Battlepanda: In praise of the Drumstir


Always trying to figure things out with the minimum of bullshit and the maximum of belligerence.

Wednesday, February 22, 2006

In praise of the Drumstir

This is the kind of post that makes the Drumstir great. The whole post's good. Here's a few snips:

Matt Yglesias notes that "Giving Bush the benefit of the doubt is not a sound policy as a general matter." That's an excellent point. And causing Bush some political pain is a worthy goal.

But there are limits, and encouraging the xenophobic jingoism that's driving this controversy is a little too much for me. Unless there are serious substantive reasons to oppose this deal, I'm not willing to jump on the bandwagon solely because it's an opportunity for some righteous Bush bashing.[snip]

In the end, there's nothing left to this controversy except the raw question of whether the government of the United Arab Emirates is sympathetic to international terrorism and therefore likely to implement policies that would make it easier for al-Qaeda to infiltrate ports in the U.S. — something most analysts seem to think is pretty far-fetched. God knows I wouldn't mind some congressional oversight on this question, especially if it prompted some serious action on actual port security, but if turns out that the UAE is really untrustworthy then I'd like to find someplace else for the Navy to park their ships too. The port of Dubai is the busiest port of call for the United States Navy outside the continental United States.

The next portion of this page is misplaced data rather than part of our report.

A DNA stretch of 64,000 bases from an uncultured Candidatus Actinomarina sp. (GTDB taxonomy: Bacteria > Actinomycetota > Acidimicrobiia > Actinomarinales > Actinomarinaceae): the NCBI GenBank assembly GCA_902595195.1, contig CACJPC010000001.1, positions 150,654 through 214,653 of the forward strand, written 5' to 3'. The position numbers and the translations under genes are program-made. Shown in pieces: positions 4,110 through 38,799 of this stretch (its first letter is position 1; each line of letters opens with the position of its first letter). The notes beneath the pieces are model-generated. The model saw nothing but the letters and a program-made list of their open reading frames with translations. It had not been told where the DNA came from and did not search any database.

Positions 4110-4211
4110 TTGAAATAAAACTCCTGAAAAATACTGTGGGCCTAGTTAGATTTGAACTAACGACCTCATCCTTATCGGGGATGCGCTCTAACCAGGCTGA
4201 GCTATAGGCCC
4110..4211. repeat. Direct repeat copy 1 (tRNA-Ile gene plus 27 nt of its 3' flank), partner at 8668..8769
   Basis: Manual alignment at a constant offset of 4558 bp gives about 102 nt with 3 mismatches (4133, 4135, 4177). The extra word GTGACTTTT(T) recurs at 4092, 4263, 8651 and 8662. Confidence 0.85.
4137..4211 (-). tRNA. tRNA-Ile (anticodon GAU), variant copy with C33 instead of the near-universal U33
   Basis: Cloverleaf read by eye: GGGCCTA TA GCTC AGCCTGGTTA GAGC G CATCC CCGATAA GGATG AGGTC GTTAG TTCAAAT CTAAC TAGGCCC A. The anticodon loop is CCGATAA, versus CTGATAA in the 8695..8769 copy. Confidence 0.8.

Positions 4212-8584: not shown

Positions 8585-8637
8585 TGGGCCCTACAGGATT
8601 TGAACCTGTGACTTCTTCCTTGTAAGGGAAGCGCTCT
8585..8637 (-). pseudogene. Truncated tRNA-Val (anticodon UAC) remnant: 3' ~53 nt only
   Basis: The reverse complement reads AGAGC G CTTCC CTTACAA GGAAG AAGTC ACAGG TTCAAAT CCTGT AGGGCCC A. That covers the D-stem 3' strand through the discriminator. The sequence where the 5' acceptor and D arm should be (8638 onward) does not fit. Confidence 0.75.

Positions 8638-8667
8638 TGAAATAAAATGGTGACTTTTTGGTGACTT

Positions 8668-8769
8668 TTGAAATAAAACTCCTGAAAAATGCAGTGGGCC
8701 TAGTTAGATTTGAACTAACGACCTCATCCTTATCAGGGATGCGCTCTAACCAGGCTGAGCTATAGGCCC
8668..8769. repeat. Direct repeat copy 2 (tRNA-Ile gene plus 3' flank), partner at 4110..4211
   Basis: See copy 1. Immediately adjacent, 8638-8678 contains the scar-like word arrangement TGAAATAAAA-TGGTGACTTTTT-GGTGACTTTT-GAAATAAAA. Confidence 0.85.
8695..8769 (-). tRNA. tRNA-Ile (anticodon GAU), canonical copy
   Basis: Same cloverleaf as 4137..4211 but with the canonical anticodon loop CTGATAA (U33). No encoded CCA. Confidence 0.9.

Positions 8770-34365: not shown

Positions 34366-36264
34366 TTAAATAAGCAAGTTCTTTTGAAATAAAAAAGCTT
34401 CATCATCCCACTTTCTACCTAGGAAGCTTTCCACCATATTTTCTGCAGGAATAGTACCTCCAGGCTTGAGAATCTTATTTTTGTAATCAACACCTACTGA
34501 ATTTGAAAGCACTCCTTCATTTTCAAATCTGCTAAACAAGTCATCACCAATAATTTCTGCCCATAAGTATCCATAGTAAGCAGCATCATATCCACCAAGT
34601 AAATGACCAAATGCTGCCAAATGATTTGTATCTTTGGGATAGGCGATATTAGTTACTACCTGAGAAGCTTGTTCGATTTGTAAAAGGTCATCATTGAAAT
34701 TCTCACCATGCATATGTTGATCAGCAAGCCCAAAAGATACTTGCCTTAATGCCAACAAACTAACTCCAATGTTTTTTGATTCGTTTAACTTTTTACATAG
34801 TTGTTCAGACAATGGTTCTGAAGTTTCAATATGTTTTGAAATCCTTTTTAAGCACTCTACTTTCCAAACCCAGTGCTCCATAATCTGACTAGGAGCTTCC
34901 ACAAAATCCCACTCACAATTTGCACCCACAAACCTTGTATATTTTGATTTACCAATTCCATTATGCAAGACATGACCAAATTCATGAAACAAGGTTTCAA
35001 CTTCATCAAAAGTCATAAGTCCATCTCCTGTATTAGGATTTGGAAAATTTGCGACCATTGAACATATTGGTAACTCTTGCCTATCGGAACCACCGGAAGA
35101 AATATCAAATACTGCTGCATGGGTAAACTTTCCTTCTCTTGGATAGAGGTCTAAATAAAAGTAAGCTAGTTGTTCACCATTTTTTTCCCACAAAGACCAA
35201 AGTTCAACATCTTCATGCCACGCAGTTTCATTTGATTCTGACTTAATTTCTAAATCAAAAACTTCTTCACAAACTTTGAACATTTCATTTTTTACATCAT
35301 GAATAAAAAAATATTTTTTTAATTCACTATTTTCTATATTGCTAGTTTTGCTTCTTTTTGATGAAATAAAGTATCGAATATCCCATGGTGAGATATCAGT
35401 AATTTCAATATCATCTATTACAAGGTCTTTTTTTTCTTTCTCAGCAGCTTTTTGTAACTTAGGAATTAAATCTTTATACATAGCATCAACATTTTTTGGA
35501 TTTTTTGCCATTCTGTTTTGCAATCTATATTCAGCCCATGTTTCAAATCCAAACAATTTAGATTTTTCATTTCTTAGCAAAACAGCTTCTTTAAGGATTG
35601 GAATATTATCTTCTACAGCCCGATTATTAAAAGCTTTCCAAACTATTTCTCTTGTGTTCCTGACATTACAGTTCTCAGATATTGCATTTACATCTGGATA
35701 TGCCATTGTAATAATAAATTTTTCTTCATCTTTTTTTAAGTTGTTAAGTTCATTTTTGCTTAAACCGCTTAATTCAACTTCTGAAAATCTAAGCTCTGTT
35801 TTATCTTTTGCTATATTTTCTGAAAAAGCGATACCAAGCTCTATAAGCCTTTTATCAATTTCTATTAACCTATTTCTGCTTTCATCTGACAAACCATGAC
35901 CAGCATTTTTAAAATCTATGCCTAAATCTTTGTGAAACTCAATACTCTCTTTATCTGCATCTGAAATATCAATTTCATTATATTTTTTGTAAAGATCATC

In the absence of serious evidence of untrustworthiness, though, I'd prefer to walk the liberal internationalism walk instead of jumping ship for short term political gain. I've said before that engaging seriously with the Arab world is the best way of fighting terrorism, and I meant it. This is a chance to do exactly that.[snip]

[T]he whole thing feeds on a mindless anti-Arab jingoism that's genuinely dangerous, and that's why I'm not joining the fun unless I hear some really good reasons for doing so. As liberals, we're either serious about engaging with the Muslim world in a sensible, non-hysterical way or we're not. Which is it?

"Level-headed" and "sensible" are not usually high praises. But I think it is in the arena of political commentary. The temptation to hyperbolize to strengthen your case is great, yet what is much more valuable is an ability to cut through the morass. This is why the best Kevin Drum posts often ends with a either/or scenario followed by "Which is it?" as in the quote above.

Despite his occasional inexplicable lapses in judgement, Kevin Drum remains my favorite of the "A-list" bloggers. In fact, I would go as far to say that he is the guy that inspired me to start blogging and whose style I try hardest to emulate.

What does he get in return from me? A stealth campaign to get the nickname "the Drumstir" to stick in the internets. What can I say. Pandas are not grateful creatures.